Leaders In A Midsummer Night's Dream

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Oberon and Theseus – Leaders of Instincts and Logic In William Shakespeare’s A Midsummer Night’s Dream, the characters Oberon and Theseus are both authoritative leaders, although Oberon acts on instincts and Theseus acts on logic. Shakespeare compares and contrasts the two kings – Oberon and Theseus and gives a lot of examples during the play to express how they behave. An examination of how the two characters’ behavior towards their wives and the lovers highlights their differences and also similarities. Readers can see their similarities of how they use their authoritative power by how they treat the lovers when they are struggling with their love triangle. As well as the differences on how Oberon uses his instincts while Theseus uses his…show more content…
After knowing Hermia’s secret, Demetrius decides to go to the woods to look for Hermia, with Helena following him. Helena annoys Demetrius with her actions, and he starts arguing with her. Oberon, who lives in the forest, sees the whole argument and decides to help Helena. He tells Puck, “A sweet Athenian lady is in love/ with a disdainful youth/Anoint his eyes/ But do it when the next thing he espies may be the lady” (2.2. 268-271). Oberon uses his authoritative powers to help Helena. He orders Puck to put a spell on Demetrius’ eyes in order for him to fall in love with Helena, making everything fall into place. How Oberon uses his powers to help the lovers suggests how he is as a good leader. On the other hand, Theseus also uses his authoritative power to help the lovers. When Egeus begs Theseus to punish Lysander for loving Hermia, he disagrees and says, “ These couples shall externally be knit…Three and three we’ll hold a feast in great solemnity” (4.1.188,191-192). Even though Egeus disagrees with Hermia marrying Lysander, Theseus still agrees and combines their wedding together. When he says: “These couples shall externally be knit”. Theseus believes that the couples should be together if that is what they want. Egeus being a commoner did not dare to talk back to Theseus and eventually agrees to Hermia marrying Lysander. By their words and actions, Theseus and Oberon demonstrate they are both good leaders who use their…show more content…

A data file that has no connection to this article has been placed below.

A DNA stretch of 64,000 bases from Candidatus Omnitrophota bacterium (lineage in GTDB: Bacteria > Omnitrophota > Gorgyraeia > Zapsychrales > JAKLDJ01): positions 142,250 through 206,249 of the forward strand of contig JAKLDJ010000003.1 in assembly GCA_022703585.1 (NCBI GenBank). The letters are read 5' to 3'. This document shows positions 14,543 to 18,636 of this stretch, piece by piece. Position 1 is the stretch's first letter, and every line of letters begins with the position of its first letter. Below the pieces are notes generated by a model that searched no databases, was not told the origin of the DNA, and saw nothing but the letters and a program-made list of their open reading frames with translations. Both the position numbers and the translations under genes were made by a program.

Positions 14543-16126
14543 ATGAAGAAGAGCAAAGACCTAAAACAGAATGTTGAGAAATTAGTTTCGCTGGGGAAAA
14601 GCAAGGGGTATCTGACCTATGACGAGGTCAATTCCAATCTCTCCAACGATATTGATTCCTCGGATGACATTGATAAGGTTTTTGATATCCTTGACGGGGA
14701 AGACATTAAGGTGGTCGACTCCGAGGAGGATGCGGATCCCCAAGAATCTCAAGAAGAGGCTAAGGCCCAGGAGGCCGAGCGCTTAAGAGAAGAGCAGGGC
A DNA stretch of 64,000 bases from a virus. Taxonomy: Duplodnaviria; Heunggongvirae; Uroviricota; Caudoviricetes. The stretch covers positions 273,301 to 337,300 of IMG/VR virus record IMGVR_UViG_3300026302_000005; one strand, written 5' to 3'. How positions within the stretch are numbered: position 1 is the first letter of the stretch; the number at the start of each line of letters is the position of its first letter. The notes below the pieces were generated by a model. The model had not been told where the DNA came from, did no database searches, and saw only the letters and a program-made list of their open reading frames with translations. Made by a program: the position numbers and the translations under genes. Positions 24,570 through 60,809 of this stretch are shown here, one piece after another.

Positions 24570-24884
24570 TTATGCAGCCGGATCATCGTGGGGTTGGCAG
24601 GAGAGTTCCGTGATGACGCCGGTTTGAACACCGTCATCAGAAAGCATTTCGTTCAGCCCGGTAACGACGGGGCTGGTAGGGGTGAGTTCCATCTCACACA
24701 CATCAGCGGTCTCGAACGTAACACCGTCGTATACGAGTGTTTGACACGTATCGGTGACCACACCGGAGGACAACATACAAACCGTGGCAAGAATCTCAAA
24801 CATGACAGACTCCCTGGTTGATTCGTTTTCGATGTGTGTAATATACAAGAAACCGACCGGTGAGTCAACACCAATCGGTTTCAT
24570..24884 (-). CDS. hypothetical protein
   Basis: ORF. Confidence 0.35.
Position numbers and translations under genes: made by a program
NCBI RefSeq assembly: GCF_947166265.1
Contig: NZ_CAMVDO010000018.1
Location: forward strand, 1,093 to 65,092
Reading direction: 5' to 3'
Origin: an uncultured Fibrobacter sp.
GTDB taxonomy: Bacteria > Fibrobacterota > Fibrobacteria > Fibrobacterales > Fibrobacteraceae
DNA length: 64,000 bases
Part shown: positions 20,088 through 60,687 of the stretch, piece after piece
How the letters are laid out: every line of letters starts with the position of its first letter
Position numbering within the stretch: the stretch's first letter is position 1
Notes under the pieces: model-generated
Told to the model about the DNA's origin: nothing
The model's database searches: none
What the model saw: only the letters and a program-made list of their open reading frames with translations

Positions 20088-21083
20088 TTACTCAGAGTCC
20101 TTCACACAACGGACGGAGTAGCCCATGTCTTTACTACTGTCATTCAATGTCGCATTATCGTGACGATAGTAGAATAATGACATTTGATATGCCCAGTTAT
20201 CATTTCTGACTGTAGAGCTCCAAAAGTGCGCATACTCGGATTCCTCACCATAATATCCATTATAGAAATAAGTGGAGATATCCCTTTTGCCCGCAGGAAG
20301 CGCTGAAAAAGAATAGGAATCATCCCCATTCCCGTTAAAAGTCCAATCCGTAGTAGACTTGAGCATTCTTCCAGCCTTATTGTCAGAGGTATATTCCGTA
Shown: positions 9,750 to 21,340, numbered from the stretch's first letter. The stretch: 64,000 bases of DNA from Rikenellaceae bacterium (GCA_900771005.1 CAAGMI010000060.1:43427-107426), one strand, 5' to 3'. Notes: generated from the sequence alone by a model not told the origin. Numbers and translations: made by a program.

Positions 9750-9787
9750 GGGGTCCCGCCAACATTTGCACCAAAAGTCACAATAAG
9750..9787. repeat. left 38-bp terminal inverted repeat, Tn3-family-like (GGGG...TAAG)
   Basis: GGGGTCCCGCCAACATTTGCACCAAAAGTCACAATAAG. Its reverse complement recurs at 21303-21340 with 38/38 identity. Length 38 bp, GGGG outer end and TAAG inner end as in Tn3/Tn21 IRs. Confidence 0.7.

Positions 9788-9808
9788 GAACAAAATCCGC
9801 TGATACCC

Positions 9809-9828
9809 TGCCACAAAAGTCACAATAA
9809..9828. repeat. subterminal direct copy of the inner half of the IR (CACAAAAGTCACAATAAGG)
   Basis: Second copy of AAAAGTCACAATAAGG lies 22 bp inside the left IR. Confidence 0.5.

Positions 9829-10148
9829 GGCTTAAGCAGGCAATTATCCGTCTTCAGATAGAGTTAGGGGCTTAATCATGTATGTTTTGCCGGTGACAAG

Oberon is a character who acts on his instincts, causing him to treat his wife very poorly. When he notices that Titania was paying too much attention on the changeling boy, his first instinct was to put a spell on Titania in order to steal the changeling child away from her: “What thou seest when thou dost wake/ Do it for thy true love take…Be it ounce, cat or bear, pard or boar with bristled hair” (2.2.33-34, 26-37). Without much deliberation, Oberon decides to use a love spell on Titania that makes her fall in love with the first living thing she sees when she wakes up. “Be it ounce, cat or beat, pard or boar with bristled hair” He doesn’t care about who she is going to fall in love with or how it is going to turn out. On the other hand Theseus is a character whose behavior is driven by logic. Though Theseus might have more control over Hippolyta, he still treats her well. When Hippolyta is concerned about the play being unbearable to watch, Theseus comforts her by saying, “Why my gentle sweet, you shall see no such thing” (5.1.94). Unlike Oberon, Theseus relies on his logic, and does everything very considerately. By saying “You shall see no such thing” Theseus assures Hippolyta that there will not be any humiliation on the actors part in the play. Readers can see how caring Theseus is to Hippolyta by his gentleness and attentiveness. Oberon’s behavior is

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